The discourse comes in the lyrics of the songs, each a story. One of the songs that they sing over and over is a lamentation of a daughter to her mother. The daughter is explaining to her mother that she will abandon her marriage, and the lyrics are an enumeration of the husbands wrongs “I go to the farm, and he beats me, when I am in the kitchen, he beats me, I try to love him, and he beats me, I do anything, and he beats me.” It is easy to understand the force with which the women play the ntang, and the frenzied screams they fall into while singing this song when one knows the meaning of the lyrics. This song always brought the most dramatic dancing from the Mbapea who would try, quite extravagantly to appease the women. At times he would stop apparently mid convulsion straight as a board, fall flat on his face not catching himself with his hands, and then spring up and continue as if he had not felt a thing.
Another song that was repeated had lyrics that simply affirmed traditions. It was the only song in which the women where allowed to get up and dance with the Mbapea, however they had to make sure not to touch him. This song came up more and more often at the end of the night. This seemed to be symbolic conciliatory ending to the airing of grievances by the women through dance, and their acceptance of the traditions.
Aside from the Mbapea there was another dancer who is supposed to be more of a comic figure. He was dressed slightly differently, however completely covered like the Mbapea. His name is the Bigueal. Throughout the night he was skiddish, and only rarely came to the fire to dance. The rest of the night he could be dimly seen peeking around a tree, or the corner of a hut. When he approached the fire he would rush in, and dance in a disordered frenzy for a few minutes, and then disappear again. To an untrained eye his dance was similar to the Mbapea, however all of the Bapubu found him quite funny. He is meant to be a comic symbol of the Bageale people. This is a closely related Gyele people who live closer to the coast in the Kribi area. The languages of the two peoples are almost the same, however they regard each others manner of speaking, and lifestyle as comical. This was explained by Florence as similar to the way we find small differences between ourselves and the British funny. This can be contrasted with the Baka people (also “pygmies”) who live in the East region and have a completely different language, and customs.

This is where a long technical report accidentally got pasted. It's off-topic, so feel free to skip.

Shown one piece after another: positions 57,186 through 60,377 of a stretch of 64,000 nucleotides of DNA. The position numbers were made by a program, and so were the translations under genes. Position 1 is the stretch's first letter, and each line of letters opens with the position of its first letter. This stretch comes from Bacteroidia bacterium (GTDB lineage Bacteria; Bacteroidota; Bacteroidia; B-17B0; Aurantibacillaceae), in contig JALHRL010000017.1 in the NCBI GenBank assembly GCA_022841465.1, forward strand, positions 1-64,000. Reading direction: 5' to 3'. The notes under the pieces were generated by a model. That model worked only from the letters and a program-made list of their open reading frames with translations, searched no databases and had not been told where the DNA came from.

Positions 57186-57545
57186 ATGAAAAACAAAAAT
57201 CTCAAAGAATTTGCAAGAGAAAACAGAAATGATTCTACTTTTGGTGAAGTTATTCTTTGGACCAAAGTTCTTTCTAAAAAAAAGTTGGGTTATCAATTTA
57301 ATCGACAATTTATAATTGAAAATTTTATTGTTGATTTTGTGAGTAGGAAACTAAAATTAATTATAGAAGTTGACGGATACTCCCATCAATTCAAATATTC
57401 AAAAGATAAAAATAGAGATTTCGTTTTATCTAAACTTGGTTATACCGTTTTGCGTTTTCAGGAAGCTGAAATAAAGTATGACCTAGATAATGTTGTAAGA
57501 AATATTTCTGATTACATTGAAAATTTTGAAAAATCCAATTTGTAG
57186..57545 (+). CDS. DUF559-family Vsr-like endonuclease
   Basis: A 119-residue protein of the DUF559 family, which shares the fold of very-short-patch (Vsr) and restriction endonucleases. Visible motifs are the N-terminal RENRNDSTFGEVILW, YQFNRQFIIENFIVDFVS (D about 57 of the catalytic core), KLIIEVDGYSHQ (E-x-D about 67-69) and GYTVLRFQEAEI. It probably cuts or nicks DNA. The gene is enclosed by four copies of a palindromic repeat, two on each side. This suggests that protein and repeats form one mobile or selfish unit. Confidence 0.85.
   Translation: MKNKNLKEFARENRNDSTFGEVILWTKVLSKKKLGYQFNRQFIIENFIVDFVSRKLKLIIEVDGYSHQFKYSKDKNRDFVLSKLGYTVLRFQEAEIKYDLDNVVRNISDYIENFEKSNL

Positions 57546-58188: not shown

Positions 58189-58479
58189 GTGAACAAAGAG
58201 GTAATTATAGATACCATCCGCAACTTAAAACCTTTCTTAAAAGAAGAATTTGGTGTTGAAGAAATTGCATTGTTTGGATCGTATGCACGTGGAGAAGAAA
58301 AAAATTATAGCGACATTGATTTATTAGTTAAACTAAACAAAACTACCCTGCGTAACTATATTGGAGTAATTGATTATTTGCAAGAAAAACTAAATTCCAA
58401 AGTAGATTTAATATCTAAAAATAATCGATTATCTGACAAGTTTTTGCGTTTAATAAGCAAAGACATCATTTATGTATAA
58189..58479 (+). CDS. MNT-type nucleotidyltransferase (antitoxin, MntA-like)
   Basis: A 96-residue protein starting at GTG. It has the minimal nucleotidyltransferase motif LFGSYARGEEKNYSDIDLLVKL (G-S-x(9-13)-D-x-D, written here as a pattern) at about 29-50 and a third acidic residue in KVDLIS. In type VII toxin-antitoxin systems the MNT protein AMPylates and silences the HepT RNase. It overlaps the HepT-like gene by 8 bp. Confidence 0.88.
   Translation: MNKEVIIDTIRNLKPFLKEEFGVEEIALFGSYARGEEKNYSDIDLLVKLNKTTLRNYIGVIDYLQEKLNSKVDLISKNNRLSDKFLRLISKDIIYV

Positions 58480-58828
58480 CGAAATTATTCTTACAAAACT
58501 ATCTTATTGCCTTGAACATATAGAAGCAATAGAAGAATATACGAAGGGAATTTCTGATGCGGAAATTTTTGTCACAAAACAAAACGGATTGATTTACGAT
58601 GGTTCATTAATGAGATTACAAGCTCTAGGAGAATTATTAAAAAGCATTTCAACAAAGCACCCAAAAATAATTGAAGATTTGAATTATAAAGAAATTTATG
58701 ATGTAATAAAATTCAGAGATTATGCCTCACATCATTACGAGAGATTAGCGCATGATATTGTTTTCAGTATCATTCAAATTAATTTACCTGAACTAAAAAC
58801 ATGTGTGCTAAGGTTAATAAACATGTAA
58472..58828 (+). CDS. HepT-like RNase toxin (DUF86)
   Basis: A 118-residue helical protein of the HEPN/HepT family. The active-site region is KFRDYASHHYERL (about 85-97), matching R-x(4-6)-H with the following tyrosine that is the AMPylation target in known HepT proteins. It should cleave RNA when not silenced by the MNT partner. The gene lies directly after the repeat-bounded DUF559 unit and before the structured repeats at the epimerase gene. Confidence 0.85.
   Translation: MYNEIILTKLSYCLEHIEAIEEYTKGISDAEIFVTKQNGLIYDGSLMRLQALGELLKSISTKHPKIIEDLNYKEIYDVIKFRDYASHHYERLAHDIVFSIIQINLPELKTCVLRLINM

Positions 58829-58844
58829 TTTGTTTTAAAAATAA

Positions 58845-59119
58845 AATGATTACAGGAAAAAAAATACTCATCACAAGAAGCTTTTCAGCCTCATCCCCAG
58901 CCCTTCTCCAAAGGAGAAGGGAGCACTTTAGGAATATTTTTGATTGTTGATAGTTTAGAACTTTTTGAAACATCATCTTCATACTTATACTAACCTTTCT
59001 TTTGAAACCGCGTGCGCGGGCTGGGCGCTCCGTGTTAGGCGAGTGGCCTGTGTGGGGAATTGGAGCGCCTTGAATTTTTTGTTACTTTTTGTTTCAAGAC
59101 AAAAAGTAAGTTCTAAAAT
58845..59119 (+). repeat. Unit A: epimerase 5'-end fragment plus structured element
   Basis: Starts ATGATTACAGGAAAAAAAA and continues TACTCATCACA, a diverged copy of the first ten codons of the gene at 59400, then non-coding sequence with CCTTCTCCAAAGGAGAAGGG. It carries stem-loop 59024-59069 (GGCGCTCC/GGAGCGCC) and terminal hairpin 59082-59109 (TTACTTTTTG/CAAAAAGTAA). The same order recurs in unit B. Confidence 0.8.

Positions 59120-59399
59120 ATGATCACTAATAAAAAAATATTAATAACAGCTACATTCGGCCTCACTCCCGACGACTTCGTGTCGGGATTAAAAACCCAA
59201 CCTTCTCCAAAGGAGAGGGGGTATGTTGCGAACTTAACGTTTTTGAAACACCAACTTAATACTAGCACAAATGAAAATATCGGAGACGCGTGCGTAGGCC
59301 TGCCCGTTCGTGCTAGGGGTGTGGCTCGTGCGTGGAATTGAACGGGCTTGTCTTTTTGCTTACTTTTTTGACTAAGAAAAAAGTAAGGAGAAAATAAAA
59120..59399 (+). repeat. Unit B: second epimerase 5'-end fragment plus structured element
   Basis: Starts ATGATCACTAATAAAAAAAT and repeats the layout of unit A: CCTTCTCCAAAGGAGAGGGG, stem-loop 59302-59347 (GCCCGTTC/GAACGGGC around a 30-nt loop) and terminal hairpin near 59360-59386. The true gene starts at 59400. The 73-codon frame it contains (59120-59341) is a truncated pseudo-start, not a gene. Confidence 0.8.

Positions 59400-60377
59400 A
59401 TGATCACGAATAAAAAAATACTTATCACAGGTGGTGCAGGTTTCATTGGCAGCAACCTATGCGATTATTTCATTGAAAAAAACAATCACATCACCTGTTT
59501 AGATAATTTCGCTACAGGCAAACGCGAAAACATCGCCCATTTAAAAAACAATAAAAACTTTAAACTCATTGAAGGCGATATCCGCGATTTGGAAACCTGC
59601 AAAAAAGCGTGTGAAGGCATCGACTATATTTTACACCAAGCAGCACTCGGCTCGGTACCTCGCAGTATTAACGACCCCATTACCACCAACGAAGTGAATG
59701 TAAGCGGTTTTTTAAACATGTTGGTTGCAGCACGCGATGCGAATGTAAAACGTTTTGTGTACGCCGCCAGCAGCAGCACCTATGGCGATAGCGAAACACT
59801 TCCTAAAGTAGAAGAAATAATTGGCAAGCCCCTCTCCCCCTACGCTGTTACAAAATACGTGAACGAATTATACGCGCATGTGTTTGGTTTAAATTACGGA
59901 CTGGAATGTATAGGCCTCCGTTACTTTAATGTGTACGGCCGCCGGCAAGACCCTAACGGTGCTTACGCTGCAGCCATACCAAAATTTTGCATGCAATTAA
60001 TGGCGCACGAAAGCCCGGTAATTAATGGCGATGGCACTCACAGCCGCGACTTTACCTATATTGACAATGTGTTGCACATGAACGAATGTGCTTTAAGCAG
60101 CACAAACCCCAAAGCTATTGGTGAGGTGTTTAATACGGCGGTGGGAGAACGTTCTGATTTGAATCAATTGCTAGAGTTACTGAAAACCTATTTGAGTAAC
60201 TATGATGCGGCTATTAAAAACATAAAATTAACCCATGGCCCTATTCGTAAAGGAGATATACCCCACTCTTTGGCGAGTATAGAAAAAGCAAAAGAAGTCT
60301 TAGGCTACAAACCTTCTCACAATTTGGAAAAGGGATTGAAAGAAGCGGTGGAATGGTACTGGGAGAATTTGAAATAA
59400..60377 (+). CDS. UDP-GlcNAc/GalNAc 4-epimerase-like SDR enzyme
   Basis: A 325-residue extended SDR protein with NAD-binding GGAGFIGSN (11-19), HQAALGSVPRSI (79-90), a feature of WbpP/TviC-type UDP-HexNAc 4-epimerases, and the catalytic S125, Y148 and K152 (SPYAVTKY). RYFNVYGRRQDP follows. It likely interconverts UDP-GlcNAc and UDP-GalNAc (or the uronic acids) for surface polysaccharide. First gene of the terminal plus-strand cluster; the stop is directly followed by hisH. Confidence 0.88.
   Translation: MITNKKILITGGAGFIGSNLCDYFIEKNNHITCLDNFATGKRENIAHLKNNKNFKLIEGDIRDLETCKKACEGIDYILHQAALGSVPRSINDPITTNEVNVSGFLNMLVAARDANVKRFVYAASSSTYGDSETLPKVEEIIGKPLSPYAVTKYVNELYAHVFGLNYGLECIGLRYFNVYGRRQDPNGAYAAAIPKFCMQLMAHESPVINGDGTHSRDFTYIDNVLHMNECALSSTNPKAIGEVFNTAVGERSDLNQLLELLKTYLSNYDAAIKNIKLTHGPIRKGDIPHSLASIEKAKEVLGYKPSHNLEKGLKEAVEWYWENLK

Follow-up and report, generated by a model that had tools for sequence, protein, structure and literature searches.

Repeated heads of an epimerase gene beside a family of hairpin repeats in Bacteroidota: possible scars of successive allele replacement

Traditionally, at the end of the night, just before dawn the Mbapea runs from the fire and finds an oil palm tree. The chorus follows him from the fire continuing to sing as he climbs the oil palm to the topmost frawns (I feel this requires a bit of an explanation. Palm frawns are very thorny, and without gloves very hard to handle, let alone climb through. In other words, this is a feat that is accomplished with no small amount of pain or injury). While hidden by the frawns he takes off the costume and escapes unseen into the bush naked. From that point on the women of the village are not allowed to eat the oil from that tree, or when it is cut down for palm wine, drink it.
This whole thing plays out as the night goes on, but we all retired at around two in the morning to sleep in one of their huts. The women continued to sing, and the men danced throughout the night, and finished all of the 10 some odd liters of liqueur we brought. Remember these are not large people, nor was this that large of a group. At 6:30 in the morning when we woke up everyone had already woken, or was still up, and didn't seem to quite understand our grogginess. We packed our things and left to a song bidding us farewell.
|Here is a picture of Amanda and a monkey.|